The demand for 30-second spots on the January 30 Super Bowl has become so ferocious that ABC will harvest $3 million apiece for the few it expects to sell in the next six weeks.
ABC has — technically — already sold all 61 of the spots within the game. But sources say the current scatter market is so hot that ABC’s salespeople will buy out some of the existing advertisers, who paid less than $2 million for a spot, and then sell the newly freed spots to the highest bidder.
At a record average price of $2.3 million a spot, ABC has already grossed a staggering $150 million or so for the Super Bowl, according to one source.
As much as $40 million of that total is coming from dot.com companies that are willing to pay through both nostrils to grab the attention of the 125-million-plus people who watch the Super Bowl, traditionally the highest-rated network of the broadcast year.
“When you start to look at a $3 million price, anything with that many numbers, you’ve got to reach more than just a target,” said Jon Mandel, co-managing director and chief negotiating officer at MediaComm. “The dot.coms are trying to reach several different audiences at once, so it works for them.”
Retailer Computer.com, for example, will spend $3 million on three spots: one during the Super Bowl’s fourth quarter and two during pre-game show coverage.
Computer.com CEO Mike Zapolin said he chose to spend much of his marketing budget on the game upon the advice of Monster.com’s Jeff Taylor, an investor in Computer.com. Monster made waves last year when it became one of the first dot.coms to advertise during the big game.
Zapolin said the Computer.com spots will poke fun at the growing crop of irreverent dot.com advertisements.
“It’s one of the only times in the entire television experience that you’re watching those commercials from an entertainment standpoint,” Zapolin said. “Since I know I’m going to use that time to the best of my ability, I would pay $5 million if they told me to.”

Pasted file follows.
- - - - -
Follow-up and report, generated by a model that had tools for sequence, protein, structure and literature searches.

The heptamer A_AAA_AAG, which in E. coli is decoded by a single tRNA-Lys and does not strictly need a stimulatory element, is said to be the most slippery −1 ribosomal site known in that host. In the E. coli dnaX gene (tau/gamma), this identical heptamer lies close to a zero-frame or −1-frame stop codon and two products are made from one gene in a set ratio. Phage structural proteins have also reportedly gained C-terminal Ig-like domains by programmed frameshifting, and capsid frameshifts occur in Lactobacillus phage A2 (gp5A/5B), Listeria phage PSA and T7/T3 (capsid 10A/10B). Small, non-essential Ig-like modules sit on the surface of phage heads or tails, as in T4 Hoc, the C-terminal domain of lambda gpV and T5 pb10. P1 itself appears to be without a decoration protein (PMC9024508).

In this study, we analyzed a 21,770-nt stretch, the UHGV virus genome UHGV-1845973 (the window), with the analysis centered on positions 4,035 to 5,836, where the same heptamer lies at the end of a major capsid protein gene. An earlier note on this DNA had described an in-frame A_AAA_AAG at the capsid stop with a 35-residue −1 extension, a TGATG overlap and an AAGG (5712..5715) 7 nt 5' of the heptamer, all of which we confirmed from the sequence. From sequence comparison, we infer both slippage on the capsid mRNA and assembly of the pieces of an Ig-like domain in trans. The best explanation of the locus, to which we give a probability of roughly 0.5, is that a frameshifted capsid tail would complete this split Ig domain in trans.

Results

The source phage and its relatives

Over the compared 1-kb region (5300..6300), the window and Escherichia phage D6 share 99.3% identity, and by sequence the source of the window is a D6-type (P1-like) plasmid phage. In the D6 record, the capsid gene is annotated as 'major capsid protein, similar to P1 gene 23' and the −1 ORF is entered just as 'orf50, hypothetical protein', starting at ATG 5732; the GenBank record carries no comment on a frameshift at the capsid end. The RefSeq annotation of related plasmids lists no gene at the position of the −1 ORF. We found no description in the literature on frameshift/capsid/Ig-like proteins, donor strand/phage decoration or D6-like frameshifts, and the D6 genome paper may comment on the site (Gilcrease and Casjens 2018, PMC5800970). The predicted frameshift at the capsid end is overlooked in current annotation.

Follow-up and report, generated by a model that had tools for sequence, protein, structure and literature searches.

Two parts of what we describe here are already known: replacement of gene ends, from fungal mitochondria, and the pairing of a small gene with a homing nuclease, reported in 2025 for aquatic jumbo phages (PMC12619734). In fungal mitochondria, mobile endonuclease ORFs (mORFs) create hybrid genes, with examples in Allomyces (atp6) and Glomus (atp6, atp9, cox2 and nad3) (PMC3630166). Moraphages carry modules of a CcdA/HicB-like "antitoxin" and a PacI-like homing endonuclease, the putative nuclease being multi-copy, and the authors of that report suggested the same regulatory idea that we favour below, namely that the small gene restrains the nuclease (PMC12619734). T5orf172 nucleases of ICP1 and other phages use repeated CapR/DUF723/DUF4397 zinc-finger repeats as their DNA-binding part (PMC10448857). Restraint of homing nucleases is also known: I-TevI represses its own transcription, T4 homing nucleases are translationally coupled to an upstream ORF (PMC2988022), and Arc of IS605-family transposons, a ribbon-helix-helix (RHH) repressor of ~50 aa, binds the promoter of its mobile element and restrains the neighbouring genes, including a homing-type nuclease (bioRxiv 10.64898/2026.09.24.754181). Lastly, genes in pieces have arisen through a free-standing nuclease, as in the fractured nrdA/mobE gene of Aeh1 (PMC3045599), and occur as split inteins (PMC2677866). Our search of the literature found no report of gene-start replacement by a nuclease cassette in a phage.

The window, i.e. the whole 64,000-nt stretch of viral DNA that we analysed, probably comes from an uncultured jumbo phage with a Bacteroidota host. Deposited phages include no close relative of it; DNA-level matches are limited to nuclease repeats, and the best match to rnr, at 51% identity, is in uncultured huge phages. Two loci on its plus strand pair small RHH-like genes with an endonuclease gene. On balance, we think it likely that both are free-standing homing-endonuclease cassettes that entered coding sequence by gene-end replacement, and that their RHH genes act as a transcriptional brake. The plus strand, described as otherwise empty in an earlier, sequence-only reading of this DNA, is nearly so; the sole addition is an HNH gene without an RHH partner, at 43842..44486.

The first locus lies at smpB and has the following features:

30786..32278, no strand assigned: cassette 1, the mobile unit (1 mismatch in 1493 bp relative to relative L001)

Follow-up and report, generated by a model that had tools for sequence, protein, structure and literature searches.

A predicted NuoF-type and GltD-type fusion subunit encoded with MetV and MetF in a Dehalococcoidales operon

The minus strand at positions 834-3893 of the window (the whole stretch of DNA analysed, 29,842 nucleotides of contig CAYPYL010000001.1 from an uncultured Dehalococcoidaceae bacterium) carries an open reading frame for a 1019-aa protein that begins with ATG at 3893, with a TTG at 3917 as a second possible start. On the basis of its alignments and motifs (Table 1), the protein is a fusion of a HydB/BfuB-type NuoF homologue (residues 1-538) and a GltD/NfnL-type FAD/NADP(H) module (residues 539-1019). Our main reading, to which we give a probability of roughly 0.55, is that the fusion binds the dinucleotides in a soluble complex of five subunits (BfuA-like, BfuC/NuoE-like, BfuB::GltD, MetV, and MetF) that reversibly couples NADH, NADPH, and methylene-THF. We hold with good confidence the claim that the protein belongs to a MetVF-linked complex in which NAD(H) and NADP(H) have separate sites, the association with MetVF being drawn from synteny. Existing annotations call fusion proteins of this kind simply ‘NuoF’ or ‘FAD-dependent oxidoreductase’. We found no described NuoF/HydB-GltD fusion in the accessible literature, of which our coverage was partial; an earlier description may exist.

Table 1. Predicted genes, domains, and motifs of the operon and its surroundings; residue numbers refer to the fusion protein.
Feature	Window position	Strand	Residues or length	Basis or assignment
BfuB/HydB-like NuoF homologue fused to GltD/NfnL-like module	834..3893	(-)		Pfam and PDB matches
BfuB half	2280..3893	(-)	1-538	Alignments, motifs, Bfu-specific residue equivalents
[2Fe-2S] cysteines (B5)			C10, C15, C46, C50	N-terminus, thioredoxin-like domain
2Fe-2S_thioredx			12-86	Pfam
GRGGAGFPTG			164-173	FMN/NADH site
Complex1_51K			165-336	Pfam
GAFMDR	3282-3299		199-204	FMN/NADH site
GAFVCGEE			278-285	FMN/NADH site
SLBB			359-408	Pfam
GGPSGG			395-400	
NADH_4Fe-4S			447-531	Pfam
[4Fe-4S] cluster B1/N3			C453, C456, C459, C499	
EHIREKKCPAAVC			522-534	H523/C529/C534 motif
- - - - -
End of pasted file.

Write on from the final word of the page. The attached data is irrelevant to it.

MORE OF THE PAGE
Computers.com hopes to target women, seniors and the investment community. The Super Bowl spot is a key element in the company’s plan to go public by next summer.
Zapolin, who will spend around $500,000 to create the ad, said he avoided placing spots in the early January college bowl games in case Y2K wreaks havoc and gives the computer industry a host of public relations problems.
Other dot.coms joining the Super Bowl party include Angeltips.com, DowJones.com, Kforce.com, OurBeginning.com, Pets.com and Screamingmedia.com. Pioneers HotJobs.com and Monster.com will make return appearances.
Pets.com plans to showcase its Pets.com Sock Puppet in three spots that will run before, during and after the game.
“We see it as efficient investment,” said John Hommeyer, vice president of marketing. “The sock puppet allows us to break through the clutter.”
Traditional advertisers include Anheuser-Busch, BMW, Buena Vista Pictures, Federal Express, Frito Lay, Pepsi-Cola, Titan Sports and Visa.
ABC sources say that there are still a few spots available in the pre-game show for advertisers that the network can’t accommodate in the game itself.
Dot.coms remain the fastest-growing category among advertisers in most media. Competitive Media Reporting estimates that dot.coms will spend $1.2 billion in all categories in 1999, up from $279 million in 1997 and $546 million in 1998.